Starting Out

Public transportation is often negatively perceived, especially the RIPTA bus system in Providence: it’s dirty and uncomfortable; it’s never on time; there’s too many people. On the other hand, it’s cheaper, more convenient, and more eco-friendly, so the question is: how can the experience be improved?

We began by breaking down the incentives for why people take the bus, their expectations for how it should be like, and reasons for their dislike of it.

We soon realized that the root of the frustration was the perceived loss or waste of time. Most of our initial rapid concept sketches thus revolved around ways to boost efficiency, encourage social engagement, and aid productivity, so as to make time pass faster.

Rerouting Our Approach

However, none of those original ideas truly solved the problem. Most people who take public transit are commuters, who care only about getting from one place to another on time. We returned to the drawing board, this time to classify different types of travelers and their priorities.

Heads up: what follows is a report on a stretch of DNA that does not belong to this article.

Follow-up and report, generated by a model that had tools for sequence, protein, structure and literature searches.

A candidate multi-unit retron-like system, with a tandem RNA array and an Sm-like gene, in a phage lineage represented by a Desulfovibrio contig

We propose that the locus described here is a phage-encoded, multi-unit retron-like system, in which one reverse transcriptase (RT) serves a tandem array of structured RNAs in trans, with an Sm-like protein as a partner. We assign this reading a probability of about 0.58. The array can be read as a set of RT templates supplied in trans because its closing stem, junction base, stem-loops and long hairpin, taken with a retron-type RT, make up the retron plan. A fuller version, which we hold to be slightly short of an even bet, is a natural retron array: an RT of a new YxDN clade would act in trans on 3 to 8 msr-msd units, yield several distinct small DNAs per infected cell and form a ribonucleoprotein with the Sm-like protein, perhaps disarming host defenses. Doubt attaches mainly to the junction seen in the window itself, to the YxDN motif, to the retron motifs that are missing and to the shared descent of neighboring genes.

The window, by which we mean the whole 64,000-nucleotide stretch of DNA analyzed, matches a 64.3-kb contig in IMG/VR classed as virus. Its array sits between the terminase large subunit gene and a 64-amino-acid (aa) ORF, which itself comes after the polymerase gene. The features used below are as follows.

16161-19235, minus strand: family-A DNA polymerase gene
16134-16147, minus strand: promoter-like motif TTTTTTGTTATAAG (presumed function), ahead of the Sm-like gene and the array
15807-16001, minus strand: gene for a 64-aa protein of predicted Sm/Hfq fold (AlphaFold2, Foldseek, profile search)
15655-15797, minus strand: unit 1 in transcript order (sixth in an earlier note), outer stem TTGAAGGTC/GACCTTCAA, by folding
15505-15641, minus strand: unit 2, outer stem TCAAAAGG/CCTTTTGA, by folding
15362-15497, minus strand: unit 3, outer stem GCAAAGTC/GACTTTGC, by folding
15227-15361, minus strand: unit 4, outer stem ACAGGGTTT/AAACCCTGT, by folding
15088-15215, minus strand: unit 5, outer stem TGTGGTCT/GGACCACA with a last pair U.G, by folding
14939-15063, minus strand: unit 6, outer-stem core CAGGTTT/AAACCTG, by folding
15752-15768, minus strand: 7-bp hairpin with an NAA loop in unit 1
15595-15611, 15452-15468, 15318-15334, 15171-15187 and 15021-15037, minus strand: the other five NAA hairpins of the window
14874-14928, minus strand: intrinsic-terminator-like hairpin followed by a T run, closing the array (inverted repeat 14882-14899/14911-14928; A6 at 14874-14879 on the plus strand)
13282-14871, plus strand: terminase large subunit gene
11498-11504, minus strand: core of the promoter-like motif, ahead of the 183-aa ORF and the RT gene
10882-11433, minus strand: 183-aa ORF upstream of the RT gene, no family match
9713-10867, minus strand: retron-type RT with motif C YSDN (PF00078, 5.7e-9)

Tourists try to make the most of their time while abroad, but the desire to maximize one’s time is universal. The problem, then, was not relegated simply to public transportation, but travel as a whole.


Product Comparisons

To maximize time spent, one needs control over their schedule and the ability to plan things out in advance. Many sites like TripAdvisor, Kayak, or Hipmunk already exist to alleviate stress from that process. However, they still have limitations.

  • They rely on prior research and strict planning, and don’t allow for unforeseen circumstances.
  • Recommendations from these sites come from strangers who may not share the same interests as the user.


To gain further insight into the needs of different user types, we spoke with several experts about what problems faced people with certain disabilities, as well as the prevalence of said disabilities.

We distilled the interviews into a set of key insights, and from there developed a set of objectives for our final product.